Patient Safety News: Complications can offset benefits of hernia mesh

For patients who have surgery to repair a hernia, the use of mesh lowers the risk of recurrence. However, the benefits of hernia mesh are at least partially offset by complications, according to a study published by the Journal of the American Medical Association.

For more than 50 years, hernia mesh implants have been used to repair abdominal hernias. Similar to other medical devices, however, hernia mesh can cause serious adverse reactions and sometimes permanent injuries to a patient. Complications can include bowel obstruction, bowel perforation, bleeding, and late abscess.

Elective incisional hernia repair is one of the most commonly performed general surgical operations. Prosthetic mesh is used to reinforce the repair in at least half of the abdominal wall hernia repairs performed in the United States.

Researchers Dunja Kokotovic, Frederik Helgstrand, and Thue Bisgaard conducted a study that included 3,242 patients with elective incisional hernia repairs in Denmark from January 2007 to December 2010. The team compared outcomes for hernia repair using mesh, versus repair without use of mesh. The study showed that for mesh patients, the long term complication rate was roughly 3-5 percent higher than the non-mesh patients.

“The study highlights the need to assess the long term safety of interventions before making definitive conclusions about their benefits. Demonstration of long term safety is required for drugs in the United States but not for some devices, such as hernia meshes, which are not subject to similarly strict documentation,” the researchers reported.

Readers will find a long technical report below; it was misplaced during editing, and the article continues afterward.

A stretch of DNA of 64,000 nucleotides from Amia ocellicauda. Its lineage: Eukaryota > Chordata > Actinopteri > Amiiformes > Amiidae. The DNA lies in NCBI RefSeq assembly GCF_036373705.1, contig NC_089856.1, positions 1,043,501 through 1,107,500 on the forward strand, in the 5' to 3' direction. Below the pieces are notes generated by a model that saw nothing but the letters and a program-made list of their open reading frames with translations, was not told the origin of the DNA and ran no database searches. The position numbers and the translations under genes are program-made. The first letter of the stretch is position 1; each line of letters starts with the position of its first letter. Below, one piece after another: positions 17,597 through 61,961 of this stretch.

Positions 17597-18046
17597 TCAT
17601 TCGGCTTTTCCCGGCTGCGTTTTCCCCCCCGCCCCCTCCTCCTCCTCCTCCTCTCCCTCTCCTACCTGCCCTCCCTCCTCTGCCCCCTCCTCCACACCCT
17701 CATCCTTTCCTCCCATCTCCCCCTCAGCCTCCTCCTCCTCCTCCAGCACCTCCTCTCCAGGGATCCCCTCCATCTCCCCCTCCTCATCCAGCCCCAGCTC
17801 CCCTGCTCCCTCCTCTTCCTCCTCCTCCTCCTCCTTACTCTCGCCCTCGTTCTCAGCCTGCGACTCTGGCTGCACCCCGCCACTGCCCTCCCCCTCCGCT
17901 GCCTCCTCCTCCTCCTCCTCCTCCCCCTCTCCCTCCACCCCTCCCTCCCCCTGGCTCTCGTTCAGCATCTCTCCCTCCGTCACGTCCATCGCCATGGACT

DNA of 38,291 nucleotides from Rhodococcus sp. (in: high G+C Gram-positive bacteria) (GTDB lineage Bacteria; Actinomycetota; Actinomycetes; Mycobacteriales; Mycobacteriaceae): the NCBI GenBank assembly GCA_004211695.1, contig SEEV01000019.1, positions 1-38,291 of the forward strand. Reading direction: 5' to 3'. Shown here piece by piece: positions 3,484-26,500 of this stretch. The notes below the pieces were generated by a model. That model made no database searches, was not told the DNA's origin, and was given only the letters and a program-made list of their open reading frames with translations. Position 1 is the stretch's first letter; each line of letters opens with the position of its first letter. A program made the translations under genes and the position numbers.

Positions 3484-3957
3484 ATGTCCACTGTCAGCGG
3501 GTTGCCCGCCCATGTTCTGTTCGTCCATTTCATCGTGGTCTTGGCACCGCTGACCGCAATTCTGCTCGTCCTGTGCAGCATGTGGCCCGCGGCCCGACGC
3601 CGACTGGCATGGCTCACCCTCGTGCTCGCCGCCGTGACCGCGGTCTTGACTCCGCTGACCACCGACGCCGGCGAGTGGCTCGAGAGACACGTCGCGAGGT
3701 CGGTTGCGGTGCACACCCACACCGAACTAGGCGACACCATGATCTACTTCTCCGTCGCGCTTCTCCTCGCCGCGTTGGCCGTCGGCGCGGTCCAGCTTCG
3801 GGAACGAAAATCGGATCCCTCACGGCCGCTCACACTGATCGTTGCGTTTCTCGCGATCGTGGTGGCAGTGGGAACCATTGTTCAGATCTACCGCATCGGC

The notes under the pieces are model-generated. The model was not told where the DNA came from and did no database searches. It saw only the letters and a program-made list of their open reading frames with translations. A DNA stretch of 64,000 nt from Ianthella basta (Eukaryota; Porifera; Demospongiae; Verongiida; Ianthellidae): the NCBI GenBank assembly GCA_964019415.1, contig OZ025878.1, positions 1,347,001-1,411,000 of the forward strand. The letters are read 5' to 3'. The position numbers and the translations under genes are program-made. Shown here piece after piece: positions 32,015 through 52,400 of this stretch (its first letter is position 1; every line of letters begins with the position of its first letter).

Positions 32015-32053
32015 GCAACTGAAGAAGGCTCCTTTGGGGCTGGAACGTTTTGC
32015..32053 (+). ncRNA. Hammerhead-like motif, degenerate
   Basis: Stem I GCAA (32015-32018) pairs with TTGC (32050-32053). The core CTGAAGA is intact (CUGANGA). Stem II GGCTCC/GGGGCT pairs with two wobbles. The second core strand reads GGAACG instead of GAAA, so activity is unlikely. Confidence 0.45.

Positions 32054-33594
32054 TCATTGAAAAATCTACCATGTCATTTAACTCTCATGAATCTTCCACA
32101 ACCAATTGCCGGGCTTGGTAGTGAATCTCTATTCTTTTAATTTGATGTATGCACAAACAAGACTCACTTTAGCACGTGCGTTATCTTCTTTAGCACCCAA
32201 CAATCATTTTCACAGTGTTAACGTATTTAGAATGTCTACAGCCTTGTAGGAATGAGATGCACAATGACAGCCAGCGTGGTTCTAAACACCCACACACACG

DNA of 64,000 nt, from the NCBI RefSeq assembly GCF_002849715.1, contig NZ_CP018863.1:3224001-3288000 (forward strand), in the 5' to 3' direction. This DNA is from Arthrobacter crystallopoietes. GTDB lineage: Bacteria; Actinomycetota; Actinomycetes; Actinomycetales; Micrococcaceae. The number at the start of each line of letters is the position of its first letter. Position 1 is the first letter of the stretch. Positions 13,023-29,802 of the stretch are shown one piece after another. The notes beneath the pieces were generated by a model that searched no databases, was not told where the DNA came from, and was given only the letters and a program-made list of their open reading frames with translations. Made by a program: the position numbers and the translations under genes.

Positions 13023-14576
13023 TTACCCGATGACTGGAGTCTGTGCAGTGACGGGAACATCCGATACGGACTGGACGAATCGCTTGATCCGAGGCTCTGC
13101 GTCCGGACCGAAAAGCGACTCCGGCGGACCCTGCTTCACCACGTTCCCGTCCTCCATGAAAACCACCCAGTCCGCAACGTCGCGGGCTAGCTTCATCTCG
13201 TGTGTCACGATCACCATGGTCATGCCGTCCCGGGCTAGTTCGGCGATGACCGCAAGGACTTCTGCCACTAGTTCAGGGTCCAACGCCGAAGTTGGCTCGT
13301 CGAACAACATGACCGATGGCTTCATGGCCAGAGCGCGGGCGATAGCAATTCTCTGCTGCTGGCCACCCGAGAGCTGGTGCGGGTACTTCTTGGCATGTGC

Some mesh manufacturers, like Ethicon’s Physiomesh and Atrium’s C-QUR, use polypropylene which is known to deteriorate and cause infection, inflammation, and adhesion.

Patients who have suffered complications after hernia mesh surgery continue to file lawsuits against companies including Johnson & Johnson, Atrium, C.R.Bard and others. The plaintiffs claim the manufacturers and distributors knew about the risks of the implants but failed to properly warn consumers and healthcare providers.

Susan Faunce, an attorney at Berman & Simmons who handles cases involving dangerous drugs and medical devices, is accepting clients who developed harmful complications due to the use of hernia mesh implants. Faunce said the study is yet another troubling red flag about the long-term health hazards posed by hernia mesh.